Child Labor in the Fifties – (Smiley Face!)

Once upon a time, during the reign of the Divine Tiberias, a.k.a the fifties, young boys got Summer jobs. Now I’m sure some kids still do; it’s just that the kids seem older now than they were then. And the kind of jobs available to kids is not nearly as broad. Indeed many no longer exist.

I got my first “job” when I was 13 years old on Zio Antonio’s fruit and vegetable truck. Zio, as he was affectionately known in the neighborhood traveled a couple of routes through the Brooklyn neighborhoods bringing fresh fruits and veggies right to the front door of the ladies.

He would load up the truck at the markets early in the morning buying exactly what he knew he could sell that day. There was no place to store anything unsold; besides, fresh meant today’s fresh, not tomorrow’s, The truck was open in the rear with a canvas roof covering the produce, which was arranged on a slanted board so it was all plainly visible to the housewives standing along side.

He would come home from the markets, pick me up and out we would go.

The ladies would hear us coming through their open windows. Cowbells and vegetable truck lullabies.

“Escarole! Get your fresh ‘scarole!! Tomato! Jersey tomato fresh from the farms!!” Broccolli! Peaches!!  Zucchini!  We have fresh Zucchini!  Strawberries! Get ‘em while their fresh! Strawberries!!”

I got pretty good at the songs. Out would come the ladies and their daughters, home for the Summer from school.

“Hi Frankie boy! How are you today?” “I’m fine Mrs. M. What can I get you?” “Two pounds of peaches please Frankie”. I weighed. Zio took the money.

And then came thirteen year old love. She was the daughter of Mrs. M; her name was Gaetana, which is a tough one to translate. She too was 13. She had breasts. God did she have breasts.

She would whisper out of mom’s earshot; “Hi Frankie” “Hi Gay! How are you? “I’m fine. Are you going to the roller rink Saturday night?” “Oh yes Gay.”

Her mother would then spot her talking to the fruit truck boy and give her a little push toward the front door. Gay would look over her shoulder and on Saturday night during the “couples” skate I would roller skate with Gay in her little skating outfit at the rink, the envy of every boy who ever dreamed of breasts.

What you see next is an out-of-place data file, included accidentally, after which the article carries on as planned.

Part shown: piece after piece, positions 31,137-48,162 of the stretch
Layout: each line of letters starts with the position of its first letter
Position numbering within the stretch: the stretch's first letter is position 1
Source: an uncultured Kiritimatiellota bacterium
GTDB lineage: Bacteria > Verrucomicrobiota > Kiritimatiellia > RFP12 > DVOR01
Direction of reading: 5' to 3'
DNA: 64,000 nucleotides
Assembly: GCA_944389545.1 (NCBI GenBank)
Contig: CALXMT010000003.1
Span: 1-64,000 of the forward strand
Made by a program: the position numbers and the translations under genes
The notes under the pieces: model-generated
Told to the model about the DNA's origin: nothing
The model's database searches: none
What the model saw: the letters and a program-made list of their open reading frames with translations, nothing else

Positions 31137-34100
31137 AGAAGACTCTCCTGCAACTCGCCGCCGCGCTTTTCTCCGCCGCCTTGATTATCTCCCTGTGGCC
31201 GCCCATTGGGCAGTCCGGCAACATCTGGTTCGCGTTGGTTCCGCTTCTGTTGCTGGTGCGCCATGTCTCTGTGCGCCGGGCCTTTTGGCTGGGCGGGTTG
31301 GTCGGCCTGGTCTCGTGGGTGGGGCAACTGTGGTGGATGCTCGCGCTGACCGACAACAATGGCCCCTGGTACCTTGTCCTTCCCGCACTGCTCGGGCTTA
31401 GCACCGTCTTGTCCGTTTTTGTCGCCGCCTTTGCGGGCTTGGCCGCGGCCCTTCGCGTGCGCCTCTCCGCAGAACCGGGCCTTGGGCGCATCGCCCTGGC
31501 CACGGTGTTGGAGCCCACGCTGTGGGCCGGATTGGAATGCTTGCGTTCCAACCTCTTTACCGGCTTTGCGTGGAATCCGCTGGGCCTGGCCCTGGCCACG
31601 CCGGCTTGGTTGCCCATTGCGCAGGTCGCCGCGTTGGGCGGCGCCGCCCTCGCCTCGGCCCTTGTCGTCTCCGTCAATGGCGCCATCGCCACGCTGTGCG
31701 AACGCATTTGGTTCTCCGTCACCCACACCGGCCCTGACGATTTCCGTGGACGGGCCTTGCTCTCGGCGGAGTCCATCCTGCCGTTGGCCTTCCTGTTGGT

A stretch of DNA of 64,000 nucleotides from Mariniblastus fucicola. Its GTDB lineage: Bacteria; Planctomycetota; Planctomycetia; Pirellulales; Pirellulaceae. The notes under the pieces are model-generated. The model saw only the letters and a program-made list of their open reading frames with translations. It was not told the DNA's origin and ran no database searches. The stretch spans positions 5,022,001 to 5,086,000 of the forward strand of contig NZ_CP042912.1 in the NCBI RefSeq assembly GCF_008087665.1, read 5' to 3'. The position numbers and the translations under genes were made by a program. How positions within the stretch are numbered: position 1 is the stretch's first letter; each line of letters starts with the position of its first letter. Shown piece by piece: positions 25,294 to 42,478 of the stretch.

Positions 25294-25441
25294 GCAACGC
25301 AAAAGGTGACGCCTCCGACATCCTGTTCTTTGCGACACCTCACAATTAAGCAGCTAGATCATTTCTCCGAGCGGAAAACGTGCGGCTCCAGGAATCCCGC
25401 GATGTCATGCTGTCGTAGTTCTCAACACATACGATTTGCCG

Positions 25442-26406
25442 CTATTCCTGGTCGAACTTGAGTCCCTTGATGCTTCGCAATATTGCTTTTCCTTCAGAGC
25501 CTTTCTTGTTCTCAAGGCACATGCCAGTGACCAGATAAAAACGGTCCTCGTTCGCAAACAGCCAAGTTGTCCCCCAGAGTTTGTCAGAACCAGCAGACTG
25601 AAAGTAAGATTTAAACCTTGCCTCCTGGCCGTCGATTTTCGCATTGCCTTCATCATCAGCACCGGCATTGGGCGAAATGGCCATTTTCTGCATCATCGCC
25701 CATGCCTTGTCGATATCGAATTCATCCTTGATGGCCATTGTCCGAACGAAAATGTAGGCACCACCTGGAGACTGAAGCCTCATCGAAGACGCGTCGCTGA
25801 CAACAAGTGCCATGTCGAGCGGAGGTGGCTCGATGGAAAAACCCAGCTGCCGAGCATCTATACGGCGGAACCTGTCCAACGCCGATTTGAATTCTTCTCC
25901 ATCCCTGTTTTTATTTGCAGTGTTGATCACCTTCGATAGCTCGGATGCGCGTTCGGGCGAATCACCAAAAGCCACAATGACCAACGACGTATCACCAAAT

After the day was over, I would hose down and sweep the truck and get it ready for the next day. All for a couple of bucks and a free lunch. Hey, a couple of bucks got you into Ebitts Field in those days.   I would give half of my earnings to my mom.

Zio, bless his heart, would distribute anything he hadn’t sold to the neighborhood poor, including my mother.

The following Summer I got a job at the grocery market. It was bigger than the local grocer but much smaller than the super markets to come.

I bagged. I put stuff on shelves. I swept; but mainly I delivered groceries on a bicycle.

It was a Schwinn with balloon tires and a big basket in front. Housewives would shop and if they bought five or six bags of groceries they had no way to get them home. Many did not own cars or couldn’t drive. Usually a family only owned one car anyway and the husband would take it to work. That’s the way it was in my house.

So the grocer hired me to deliver the goods on a bike.

Now before I could start this job I had to get “working papers”. Anyone under 16 who had a real job had to get papers. It required a trip to the Department of Health and a physical exam.  I didn’t need them for Zio but I needed them for the grocer.